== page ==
As the crown prince and princess approach their third wedding anniversary, Japan is whispering:

"I bet it's her problem; she was a working woman for a long time. The stress did it," says one middle-aged woman.

"Are you kidding? The emperor's brother had no kids either. That side of the family has had baby problems before. It's the prince," another says confidently.

And so on. Since June 9, 1993 -- the day Masako Owada, a Harvard-educated former diplomat, ended her career and accepted life inside the cloistered walls of the Imperial Palace -- the princess has had one crucial job: produce an heir. A male one. On her wedding day, Princess Masako donned a 12-layer, 30-pound silk kimono, consistent with the style worn by the imperial family for 1,200 years, and, with her husband, prayed at a palace shrine for a son.

Now, though Princess Masako is only 32, people are abuzz because there is still no sign of an answer to that prayer. At risk is the longest continuous family dynasty on Earth. The current emperor is said to be the 125th direct descendant of a monarchy that stretches back 2,600 years to Amaterasu, the Sun Goddess.

Pressure? What pressure?

Women's magazines beg the princess to relax. "Don't be beaten by the pressure of pregnancy!" advises a Ladies' Own cover. "Infertility treatment! The moment of truth after three years!" screams Weekly Woman. Television variety shows speculate on the hold-up.

Goldfish make babies with more privacy.

Because no little bundle of princely joy has arrived at the palace yet, what was once unthinkable in this male-dominated country is now voiced publicly: Will Japan be forced to allow a woman to ascend to the throne? In the last 2 1/2 millennia, there have been eight female emperors here (many women have been empress, a title that refers strictly to the emperor's wife). The last female emperor's reign ended in 1770 and the law now forbids a woman to be the symbolic head of Japan.

Attention has begun to focus on 4-year-old Mako, the crown prince's niece, as a possible future emperor, requiring a change in the law.

Time, of course, has not run out. An emperor reigns for life, and the hoped-for heir would be third in line. Reigning Emperor Akihito is 62. His son -- Masako's husband -- is Crown Prince Naruhito, 36.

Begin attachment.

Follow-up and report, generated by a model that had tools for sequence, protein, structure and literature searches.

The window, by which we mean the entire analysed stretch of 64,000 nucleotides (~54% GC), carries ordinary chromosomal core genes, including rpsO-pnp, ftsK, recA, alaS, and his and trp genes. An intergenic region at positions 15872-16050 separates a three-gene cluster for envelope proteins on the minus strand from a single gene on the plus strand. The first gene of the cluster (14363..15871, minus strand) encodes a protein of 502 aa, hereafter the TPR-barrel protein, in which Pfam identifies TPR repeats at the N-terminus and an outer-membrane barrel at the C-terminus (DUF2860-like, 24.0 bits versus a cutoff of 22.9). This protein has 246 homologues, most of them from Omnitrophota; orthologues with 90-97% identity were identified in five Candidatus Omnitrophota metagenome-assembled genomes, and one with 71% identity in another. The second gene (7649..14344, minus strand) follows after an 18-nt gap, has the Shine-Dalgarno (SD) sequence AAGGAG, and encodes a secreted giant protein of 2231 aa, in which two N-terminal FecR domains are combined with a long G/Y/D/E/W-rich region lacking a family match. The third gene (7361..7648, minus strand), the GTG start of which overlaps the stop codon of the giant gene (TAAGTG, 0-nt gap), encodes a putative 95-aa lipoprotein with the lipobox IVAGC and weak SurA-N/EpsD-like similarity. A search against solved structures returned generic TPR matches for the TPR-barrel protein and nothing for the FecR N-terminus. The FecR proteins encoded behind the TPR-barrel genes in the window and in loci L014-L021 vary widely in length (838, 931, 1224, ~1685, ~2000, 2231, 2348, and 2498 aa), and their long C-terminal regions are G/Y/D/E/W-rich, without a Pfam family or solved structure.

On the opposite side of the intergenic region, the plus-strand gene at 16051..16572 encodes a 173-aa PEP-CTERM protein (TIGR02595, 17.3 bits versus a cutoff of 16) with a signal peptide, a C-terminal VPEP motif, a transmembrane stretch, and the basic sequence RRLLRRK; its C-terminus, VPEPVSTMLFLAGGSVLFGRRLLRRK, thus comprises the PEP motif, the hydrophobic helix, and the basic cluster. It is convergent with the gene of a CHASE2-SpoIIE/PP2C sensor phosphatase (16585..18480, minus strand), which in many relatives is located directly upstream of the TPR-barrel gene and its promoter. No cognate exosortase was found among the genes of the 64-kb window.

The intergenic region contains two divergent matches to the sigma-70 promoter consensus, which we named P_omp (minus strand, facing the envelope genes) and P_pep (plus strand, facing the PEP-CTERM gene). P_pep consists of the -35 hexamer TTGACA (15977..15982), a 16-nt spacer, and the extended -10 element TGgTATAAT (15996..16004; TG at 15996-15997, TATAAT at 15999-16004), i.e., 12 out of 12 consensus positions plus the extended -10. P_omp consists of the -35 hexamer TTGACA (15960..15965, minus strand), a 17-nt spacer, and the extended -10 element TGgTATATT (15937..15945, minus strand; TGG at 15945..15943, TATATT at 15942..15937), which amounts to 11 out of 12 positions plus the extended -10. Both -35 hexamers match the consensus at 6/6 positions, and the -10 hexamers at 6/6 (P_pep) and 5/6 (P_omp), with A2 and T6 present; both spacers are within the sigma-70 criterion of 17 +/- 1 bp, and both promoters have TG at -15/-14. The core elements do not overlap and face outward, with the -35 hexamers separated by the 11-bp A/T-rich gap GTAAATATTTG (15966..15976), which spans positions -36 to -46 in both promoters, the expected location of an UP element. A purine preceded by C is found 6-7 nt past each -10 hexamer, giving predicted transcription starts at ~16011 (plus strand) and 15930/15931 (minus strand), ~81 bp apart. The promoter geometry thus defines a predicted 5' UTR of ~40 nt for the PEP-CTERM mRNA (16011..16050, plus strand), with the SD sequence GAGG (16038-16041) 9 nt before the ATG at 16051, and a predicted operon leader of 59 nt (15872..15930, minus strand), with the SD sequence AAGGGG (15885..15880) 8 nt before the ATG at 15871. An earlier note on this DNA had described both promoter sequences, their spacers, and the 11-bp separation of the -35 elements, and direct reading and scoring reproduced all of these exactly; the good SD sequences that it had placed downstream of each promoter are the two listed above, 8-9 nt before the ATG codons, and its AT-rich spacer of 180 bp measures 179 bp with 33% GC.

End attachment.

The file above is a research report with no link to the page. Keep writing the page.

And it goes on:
Still, gossip about a childless crown prince and princess grows louder almost daily, and Princess Masako, the most popular woman in Japan, grows increasingly invisible. This brilliant former trade expert, who negotiated semiconductor agreements with the United States as a member of the elite Foreign Ministry; this charmer who speaks exceptional Japanese, English and French, and good German, Spanish and Russian; this magna cum laude Harvard graduate who wrote her thesis on "External Adjustments to Import Price Shocks: Oil in Japanese Trade" before entering Oxford University; this once thoroughly modern woman is now perhaps the world's most talented ornament.

She makes brief public appearances, but almost always with her husband and she rarely says a word. A recent 25-minute appearance at a celebration of the 50th anniversary of the Fulbright scholarship program was typical: The press was ordered not to ask any questions, and the royal couple said nothing.

A much-hoped-for news conference on the princess's birthday on Dec. 9 never materialized; instead, she answered questions by letter. Masako has spoken so few public words in the last year that people don't even remember what her voice sounds like.

"It's very odd; you never hear her voice," said Toshiaki Kawahara, an imperial watcher who has written widely on the subject of the Chrysanthemum Throne. "Many people are talking about it, wondering if we are going backwards . . . if the family is more locked up."

If so, the jailer is the Imperial Household Agency, a 1,200-person-strong department that runs the affairs of the royal family. The IHA oversees Masako's every appearance beyond the walls of the East Palace. In an interview there, Tsuyoshi Soga, the palace's chief chamberlain, was asked about the delicate baby question. "I really wish the Japanese media would be more sensitive on this point," he answered.

But he offered the following unsolicited testimony, apparently concerned that the lack of offspring might spark gossip that the prince and princess do not get along: "I want to be frank. I have a lot of chance to see them together. They show their affection so openly it makes me blush. Their love is so expressive."

Soga, an elegant man in the palace uniform of black tails, spoke in a small receiving room. A silver tray engraved with the imperial family's chrysanthemum emblem held 35 short cigarettes. Eight beige, armless chairs and a painting of Mount Fuji were about the only other items in the room. But further inside the 20-room palace, there are lofty ceilings, grand hallways, ancient Japanese screens and porcelain, and the thick carpeting that hints at royalty. Though 100 people work there, the place seemed strangely silent. This is where Masako spends her days.